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Going Bananas
Jul 12th, 2010 by Les

“A question that sometimes drives me hazy: am I or are the others crazy?”  Albert Einstein, German born American Physicist.

Thelonious Monk is said to have commented: “Sometimes it’s to your advantage for people to think you are crazy.”

I think two of our banana trees are in a race to see which will topple first.  I know, I’ve done the banana thing before but it is an amazing process…from little tiny stem-like greenery to huge leaves.  From these leaves blossoms an odd pod-like flower.  As the flower begins to open and shed its various purple leaves tiny bananas appear.  It is all Alice-in-Wonderlandish to me.

I know, I’m easily entertained as we’ve all seen from this blog.  I mean I am the one who wrote of Kinky Friedman and The Texas Jewboys for no apparent reason – rhyme or otherwise.

However, our master bedroom overlooks many banana trees and, with all the rain, they have become such a beautiful vibrant green it is hard to ignore them.  On top of it birds of every color alight on the very large and heavy branches and they are difficult to ignore.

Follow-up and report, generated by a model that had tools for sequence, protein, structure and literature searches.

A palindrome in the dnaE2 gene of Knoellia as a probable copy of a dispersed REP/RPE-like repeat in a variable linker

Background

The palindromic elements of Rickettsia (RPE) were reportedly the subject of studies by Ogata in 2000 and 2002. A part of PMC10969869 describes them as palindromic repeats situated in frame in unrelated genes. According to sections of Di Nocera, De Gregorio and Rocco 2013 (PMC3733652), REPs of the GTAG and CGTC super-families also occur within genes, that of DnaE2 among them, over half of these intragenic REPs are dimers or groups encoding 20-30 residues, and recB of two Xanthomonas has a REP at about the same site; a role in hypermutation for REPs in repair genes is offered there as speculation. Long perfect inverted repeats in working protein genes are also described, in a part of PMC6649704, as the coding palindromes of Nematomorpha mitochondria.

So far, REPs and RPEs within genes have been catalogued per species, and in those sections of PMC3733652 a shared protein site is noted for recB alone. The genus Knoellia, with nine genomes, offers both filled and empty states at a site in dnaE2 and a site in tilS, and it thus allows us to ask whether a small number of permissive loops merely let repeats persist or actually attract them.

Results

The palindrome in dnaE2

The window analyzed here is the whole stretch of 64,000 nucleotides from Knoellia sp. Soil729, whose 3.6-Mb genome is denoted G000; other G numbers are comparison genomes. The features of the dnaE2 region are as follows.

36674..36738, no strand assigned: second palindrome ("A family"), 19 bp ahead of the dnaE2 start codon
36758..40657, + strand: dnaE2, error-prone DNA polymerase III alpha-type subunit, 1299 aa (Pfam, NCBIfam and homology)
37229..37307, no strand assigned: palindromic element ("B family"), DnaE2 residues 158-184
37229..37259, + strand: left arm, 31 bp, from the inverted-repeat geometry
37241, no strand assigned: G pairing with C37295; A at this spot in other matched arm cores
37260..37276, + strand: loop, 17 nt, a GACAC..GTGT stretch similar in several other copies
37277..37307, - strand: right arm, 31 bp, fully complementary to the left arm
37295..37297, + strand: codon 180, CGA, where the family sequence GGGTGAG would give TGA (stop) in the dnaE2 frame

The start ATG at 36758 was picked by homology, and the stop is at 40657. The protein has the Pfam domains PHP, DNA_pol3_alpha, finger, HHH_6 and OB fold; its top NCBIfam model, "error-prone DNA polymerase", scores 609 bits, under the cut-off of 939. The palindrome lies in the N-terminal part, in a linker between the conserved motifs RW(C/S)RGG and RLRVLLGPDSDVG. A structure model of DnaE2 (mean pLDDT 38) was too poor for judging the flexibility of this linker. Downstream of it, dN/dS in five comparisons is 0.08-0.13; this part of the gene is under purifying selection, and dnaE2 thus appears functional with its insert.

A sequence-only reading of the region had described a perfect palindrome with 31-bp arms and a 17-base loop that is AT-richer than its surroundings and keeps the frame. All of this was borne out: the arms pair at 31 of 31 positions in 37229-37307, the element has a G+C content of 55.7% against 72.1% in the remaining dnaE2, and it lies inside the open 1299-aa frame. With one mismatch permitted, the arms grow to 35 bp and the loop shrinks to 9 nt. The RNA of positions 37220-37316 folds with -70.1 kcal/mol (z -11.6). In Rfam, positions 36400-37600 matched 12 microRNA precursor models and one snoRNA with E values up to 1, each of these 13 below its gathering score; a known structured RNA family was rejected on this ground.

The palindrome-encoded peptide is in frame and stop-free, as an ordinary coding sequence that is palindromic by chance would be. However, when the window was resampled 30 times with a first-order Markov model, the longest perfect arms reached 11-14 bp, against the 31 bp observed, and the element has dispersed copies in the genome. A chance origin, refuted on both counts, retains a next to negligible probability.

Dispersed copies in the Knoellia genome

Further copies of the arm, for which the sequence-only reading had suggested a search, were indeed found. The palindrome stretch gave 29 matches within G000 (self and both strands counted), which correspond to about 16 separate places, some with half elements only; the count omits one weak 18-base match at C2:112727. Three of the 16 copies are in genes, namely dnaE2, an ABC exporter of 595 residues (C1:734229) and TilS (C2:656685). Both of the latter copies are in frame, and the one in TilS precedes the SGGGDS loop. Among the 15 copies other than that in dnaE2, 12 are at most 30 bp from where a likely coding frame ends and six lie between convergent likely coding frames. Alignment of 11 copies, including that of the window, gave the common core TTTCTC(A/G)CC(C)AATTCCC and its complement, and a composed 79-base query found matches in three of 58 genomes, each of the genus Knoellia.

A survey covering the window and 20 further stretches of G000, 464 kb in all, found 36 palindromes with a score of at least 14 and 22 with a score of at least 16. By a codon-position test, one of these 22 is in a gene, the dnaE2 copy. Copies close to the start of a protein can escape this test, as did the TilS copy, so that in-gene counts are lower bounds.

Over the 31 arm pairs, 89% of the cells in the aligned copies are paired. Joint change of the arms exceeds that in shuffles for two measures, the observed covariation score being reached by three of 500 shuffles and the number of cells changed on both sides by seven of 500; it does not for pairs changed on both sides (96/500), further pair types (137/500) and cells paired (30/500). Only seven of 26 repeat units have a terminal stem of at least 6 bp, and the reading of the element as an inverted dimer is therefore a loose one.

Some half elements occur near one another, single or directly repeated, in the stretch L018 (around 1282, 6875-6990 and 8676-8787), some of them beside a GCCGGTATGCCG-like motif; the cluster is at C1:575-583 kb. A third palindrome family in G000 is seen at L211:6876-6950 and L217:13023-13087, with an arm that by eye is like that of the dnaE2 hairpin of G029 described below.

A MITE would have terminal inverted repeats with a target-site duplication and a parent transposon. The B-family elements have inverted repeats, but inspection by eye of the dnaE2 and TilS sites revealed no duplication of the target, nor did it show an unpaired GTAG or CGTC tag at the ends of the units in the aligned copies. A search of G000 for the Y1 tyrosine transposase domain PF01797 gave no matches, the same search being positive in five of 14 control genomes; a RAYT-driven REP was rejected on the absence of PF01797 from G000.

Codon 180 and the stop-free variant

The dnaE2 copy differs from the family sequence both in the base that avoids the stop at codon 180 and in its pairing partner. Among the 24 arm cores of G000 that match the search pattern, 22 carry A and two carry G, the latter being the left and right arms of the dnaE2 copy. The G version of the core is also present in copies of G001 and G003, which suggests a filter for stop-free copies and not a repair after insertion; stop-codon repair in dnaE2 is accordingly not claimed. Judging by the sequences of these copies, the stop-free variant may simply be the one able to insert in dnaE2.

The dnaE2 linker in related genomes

I must say both David and I have been captivated by these beautiful plants.  From the stem-like leaves that begin to bud in the center to their beautiful layers as the stem begins to unfurl, the process is amazing in and of itself.

We’ve come to realize many things Mexican move at their own amazing pace.  This is not to imply in any way that it is hurried.  We believe almost everyone and everything takes the obligatory afternoon siesta.  Though the banana trees do not seem to nod off, they do seem to grow overnight.  Actually everything here seems to grow by leaps and bounds during the darkness.

I can remember, as a small child, planting seeds in a little Dixie cup and waiting for them to grow.  It seemed to take forever.  Of course when you are little nothing moves fast enough except, perhaps, you and your little friends.  Kids are constantly in motion.  Ask any mother of small children.  Most will look at the corner of a room and wish they could curl up and take a nap by, oh lets say mid-morning.  It took eons for my little seeds to sprout leaves.

That is not the case in Mexico.  Things move at a wild pace during the hours of darkness.  I’m thinking there must be some type of fairy dust strewn among the vegetation when the forces that be are sure everyone is sound asleep.  Now we do have to consider that I may have the IQ of a turnip, but I envision old Tink flitting from plant to plant with her little magic wand spraying the leaves with fairy dust or, at the very least, star dust which, very similar to Miracle Grow, causes them to mature at an amazing pace.